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The X5 is bigger than you think

Created on 17/11/2015 @ 11:24
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Test Drive by Graham Breeze

Getting stuck in a car wash can be an embarrassing situation for any driver so you can just imagine how red-faced this seasoned motoring journalist was when the washers clamped down on the £60,000 BMW X5 test car.

Luckily, and sheepishly, I was able to clamber out to seek help to be told the vehicle was probably too big, which was a surprise as the same car wash had previously dealt comfortably with Range Rovers and an Audi Q7.

It transpired that there was just an inch to spare each side of the drive-in guide rails and with a bit of jiggling around the situation was rescued. But the incident highlighted just how big and spacious the seven-seat X5 is, something you don’t really appreciate once on the open road.

BMW has found it difficult to compete in this sector where Range Rover, Audi and Porsche have strong footholds but the xDrive 40d M-Sport on test is a seriously efficient contender now and feels so secure on the road it’s easy to forget you’re in such a big SUV.

Set proudly on 19” double-spoke alloy wheels the X5 sets an imposing stance, and once behind the wheel you are soon made to feel at home, thanks to masses of steering and seat adjustment options with superb vision all-round thanks to the high seating position.

It can sometimes take a week to get used to the dashboard controls when behind the wheel of a new vehicle but not in this case. Everything is just where you would expect it to be and the iDrive infotainment system is right up there with the best in the business.

The X5 gets five seats as standard but the test car came as a seven-seater though you wouldn’t get me travelling far as a rear-seat passenger. There’s just about enough room for a couple of small kids and the extra seating eats into your luggage space.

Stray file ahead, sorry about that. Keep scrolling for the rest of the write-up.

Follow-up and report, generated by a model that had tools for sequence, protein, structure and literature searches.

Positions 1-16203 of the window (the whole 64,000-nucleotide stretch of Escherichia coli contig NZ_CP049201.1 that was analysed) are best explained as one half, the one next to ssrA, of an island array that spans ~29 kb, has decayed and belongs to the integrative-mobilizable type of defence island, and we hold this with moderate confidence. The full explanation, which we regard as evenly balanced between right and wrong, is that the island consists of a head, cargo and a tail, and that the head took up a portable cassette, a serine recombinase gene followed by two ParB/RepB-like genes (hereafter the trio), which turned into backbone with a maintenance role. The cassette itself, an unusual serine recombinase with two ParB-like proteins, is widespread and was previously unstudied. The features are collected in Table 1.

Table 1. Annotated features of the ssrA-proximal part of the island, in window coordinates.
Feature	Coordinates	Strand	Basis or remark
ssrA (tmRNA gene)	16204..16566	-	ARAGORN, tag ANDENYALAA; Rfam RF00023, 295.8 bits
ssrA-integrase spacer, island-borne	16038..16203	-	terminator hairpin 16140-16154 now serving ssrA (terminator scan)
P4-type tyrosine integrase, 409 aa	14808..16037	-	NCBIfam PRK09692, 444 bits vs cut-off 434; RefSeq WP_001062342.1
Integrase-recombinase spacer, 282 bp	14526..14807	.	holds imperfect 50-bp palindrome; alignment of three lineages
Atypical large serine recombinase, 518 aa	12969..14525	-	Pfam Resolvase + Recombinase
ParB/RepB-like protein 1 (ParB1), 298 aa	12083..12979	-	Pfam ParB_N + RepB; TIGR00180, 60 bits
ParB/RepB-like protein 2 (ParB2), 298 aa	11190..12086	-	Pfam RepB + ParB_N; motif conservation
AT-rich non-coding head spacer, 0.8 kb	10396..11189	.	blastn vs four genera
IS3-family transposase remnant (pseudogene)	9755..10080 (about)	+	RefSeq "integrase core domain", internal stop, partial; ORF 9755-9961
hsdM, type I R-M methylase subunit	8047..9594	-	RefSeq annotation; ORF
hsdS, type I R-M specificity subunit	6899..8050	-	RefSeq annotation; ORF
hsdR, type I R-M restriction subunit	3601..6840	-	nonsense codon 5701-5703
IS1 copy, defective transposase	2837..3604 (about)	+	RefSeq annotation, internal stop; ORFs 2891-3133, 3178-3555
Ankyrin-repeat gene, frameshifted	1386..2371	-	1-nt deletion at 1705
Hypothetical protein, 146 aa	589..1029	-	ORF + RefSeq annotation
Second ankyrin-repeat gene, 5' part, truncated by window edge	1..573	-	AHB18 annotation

Fold the rear seats and the X5 reveals 620 litres of load space, drop the second row and there’s an enormous 1,870 litres of room just waiting to be filled.

On-the road the X5 is probably not as refined as some of the opposition out there. There’s nothing significantly wrong with the drive, other than perhaps more wind noise than expected, but it lacks a little something to make it stand out in a competitive SUV sector.

You would probably expect the X5 to be a gas-guzzler but the test model had a few surprises to reveal. The 3.0litre twin-turbo straight six diesel was coupled to an incredibly smooth eight-speed automatic gearbox and produced 47.1mpg on the combined cycle.

That’s very competitive in the SUV sector, particularly when you consider there’s 0-62mph in just under six seconds and CO2 emissions are only 158g/km.

Standard equipment in the test car included 19” alloys, automatic sport transmission, adaptive M-suspension, roof rails, electric door mirrors, sports seats, Aluminium Hexagon interior trim, M steering wheel and aerodynamic body styling.

For that you would have to pay £55,765 but add a cold weather package, towbar, reversing camera, panoramic glass sunroof and third row seating and the cost leaps up to £60,795.

The good news is that all BMWs normally hold their price so you could expect to trade-in well when it comes time to change again.

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